A recipe for success: Betsy Ding PO ’24 whips up TikTok following with food inspired by childhood

A woman wearing a black fuzzy sweater, red, flowerly apron and red bandana holds a plate of croissants.
Betsy Ding PO ’24 is popular on TikTok for her cooking content and recipes. (Courtesy: Betsy Ding)

From vegan mooncakes to barbecue steamed bun tacos, Betsy Ding’s PO ’24 social media are full of mouth-watering recipes. Known as @yourasiandessertqueen on TikTok and @paintpencilpastries on Instagram and on her website, Ding has cooked up a formidable foodie following on TikTok, amassing more than 6 million views combined on her videos and over 30,000 followers.

Her videos range from recipes reflecting on her upbringing to comedic videos capitalizing on TikTok’s audio-based humor. Many of them have become incredibly popular, which Ding chalks up to following current TikTok sound trends, simplicity and luck of the algorithm. Her most popular video, a grilled cheese sandwich recipe, has more than 1.3 million views. 

Ding’s love for making food stems from watching her grandparents cook for her while she was growing up, which Ding remembers fondly whenever she cooks.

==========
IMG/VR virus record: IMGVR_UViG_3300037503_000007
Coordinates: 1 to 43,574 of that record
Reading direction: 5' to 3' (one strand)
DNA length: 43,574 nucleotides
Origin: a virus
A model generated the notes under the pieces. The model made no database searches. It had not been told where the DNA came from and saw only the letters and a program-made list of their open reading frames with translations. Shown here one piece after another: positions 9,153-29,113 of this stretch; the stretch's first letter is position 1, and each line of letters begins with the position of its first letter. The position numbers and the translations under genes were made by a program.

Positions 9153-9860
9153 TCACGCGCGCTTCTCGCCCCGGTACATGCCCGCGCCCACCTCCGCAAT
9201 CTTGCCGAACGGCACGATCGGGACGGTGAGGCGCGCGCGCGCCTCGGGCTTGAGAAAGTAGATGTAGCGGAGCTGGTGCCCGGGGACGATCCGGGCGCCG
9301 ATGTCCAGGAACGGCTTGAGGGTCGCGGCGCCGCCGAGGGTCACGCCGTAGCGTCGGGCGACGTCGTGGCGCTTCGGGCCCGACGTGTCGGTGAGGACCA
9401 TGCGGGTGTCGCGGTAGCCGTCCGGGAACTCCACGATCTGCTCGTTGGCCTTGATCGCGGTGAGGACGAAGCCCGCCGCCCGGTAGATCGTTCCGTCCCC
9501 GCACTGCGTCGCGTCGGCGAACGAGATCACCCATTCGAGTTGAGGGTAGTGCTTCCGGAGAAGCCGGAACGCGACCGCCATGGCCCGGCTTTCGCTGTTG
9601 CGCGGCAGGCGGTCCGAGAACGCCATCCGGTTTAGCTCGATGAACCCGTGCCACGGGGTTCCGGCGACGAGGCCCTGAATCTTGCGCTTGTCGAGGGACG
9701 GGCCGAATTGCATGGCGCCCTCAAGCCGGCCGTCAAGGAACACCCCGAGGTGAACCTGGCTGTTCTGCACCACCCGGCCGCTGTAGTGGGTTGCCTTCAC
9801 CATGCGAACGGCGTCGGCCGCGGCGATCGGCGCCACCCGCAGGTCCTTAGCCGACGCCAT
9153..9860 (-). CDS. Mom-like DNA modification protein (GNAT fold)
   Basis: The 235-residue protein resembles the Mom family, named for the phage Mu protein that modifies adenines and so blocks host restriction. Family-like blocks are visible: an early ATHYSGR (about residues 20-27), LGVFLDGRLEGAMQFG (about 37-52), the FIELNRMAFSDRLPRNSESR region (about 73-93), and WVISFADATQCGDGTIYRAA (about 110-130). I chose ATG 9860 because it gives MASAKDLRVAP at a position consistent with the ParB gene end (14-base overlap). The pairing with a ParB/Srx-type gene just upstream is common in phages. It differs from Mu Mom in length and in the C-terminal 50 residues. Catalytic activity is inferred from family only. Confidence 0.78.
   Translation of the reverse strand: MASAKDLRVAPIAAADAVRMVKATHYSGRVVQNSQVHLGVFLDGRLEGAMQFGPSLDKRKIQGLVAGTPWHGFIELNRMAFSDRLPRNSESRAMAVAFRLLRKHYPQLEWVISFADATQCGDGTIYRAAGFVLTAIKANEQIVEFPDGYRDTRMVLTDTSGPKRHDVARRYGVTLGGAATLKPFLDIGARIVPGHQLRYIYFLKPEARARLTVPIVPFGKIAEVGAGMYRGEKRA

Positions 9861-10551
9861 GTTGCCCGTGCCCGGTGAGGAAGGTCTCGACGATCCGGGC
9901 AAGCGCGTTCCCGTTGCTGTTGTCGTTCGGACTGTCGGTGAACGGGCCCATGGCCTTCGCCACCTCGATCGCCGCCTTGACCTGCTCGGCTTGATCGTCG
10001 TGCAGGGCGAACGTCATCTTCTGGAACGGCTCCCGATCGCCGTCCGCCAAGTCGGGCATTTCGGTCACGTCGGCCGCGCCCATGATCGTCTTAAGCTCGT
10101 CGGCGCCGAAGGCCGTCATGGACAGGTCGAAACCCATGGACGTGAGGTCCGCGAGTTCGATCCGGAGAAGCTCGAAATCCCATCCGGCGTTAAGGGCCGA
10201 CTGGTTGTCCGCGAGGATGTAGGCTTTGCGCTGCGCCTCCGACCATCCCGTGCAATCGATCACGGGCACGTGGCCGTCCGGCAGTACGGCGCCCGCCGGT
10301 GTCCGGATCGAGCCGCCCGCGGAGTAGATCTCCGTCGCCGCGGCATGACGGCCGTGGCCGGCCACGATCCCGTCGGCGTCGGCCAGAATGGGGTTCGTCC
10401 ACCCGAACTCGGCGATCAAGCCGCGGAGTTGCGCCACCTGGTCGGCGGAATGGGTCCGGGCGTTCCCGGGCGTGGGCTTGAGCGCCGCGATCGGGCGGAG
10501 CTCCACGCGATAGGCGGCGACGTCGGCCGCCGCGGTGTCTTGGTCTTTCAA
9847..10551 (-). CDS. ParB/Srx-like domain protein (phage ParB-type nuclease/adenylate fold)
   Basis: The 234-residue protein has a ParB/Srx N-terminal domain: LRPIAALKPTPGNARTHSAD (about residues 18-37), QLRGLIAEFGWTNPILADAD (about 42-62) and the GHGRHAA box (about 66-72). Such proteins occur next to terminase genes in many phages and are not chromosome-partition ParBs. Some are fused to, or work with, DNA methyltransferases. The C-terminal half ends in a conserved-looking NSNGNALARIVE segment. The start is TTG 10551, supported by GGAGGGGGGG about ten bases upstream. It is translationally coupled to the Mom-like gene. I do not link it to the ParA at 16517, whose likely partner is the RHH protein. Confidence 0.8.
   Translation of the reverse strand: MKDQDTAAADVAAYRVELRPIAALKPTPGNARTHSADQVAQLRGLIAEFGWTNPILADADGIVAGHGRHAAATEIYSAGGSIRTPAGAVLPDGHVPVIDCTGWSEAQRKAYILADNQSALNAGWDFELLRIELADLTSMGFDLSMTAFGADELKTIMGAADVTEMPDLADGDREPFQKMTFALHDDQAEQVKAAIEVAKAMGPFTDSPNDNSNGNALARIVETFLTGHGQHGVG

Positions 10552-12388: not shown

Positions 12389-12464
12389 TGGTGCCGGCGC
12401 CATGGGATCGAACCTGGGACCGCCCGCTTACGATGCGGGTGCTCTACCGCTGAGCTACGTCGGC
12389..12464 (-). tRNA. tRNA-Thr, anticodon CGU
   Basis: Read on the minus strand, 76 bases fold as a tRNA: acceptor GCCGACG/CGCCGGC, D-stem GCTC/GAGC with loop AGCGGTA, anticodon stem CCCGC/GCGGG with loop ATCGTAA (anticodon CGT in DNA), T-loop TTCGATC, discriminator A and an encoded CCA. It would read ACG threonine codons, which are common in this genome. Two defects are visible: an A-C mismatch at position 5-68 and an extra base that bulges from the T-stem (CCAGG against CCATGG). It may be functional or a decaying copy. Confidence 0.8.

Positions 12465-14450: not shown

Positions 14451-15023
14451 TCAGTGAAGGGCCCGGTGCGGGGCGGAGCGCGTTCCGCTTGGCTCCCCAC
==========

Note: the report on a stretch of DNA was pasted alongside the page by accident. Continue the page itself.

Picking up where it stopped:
“I have a very special place in my heart for my grandparents, because food was a big part of their livelihood,” she said. “They came from a really rural part in China, so food was a really big part of who they were. Both of them have passed away now, [and] whenever I think about food and northern Chinese cuisine, I think about them. And it makes me happy to have been able to spend that time with them when I was younger.”

Inspired by her upbringing as a first generation Chinese American, cooking videos she saw when she was younger, her vegetarianism and the many cultures she’s interacted with, Ding’s cooking often features an eclectic, creative mix of vegetarian ingredients. Her enjoyment of cooking made her want to enroll in culinary school, a dream she’s now intent on pursuing by taking a gap year starting in August. Watching others cook while she was growing up also inspired her to share her food creations with other people through social media content.

Although Ding has been posting content to her website and her Instagram cooking page since the summer before she started high school, she didn’t join TikTok until the spring of 2020. In order to submit a video to a high school cooking competition, Ding downloaded TikTok and realized that she enjoyed making food-related content on the platform.

@yourasiandessertqueenyall really wanted it, this is the third time lol ##Levitating ##CollegeGotMeLike ##chinese ##cooking♬ original sound – Yuntao Zheng

“I was like, ‘This could be me,’ because TikTok was a lot more casual than YouTube when it came to food,” she said. “These YouTubers, they have professional lighting, professional equipment … but I remember when food TikTok first started becoming a thing, people were just making casual videos on their phones. And I liked that.”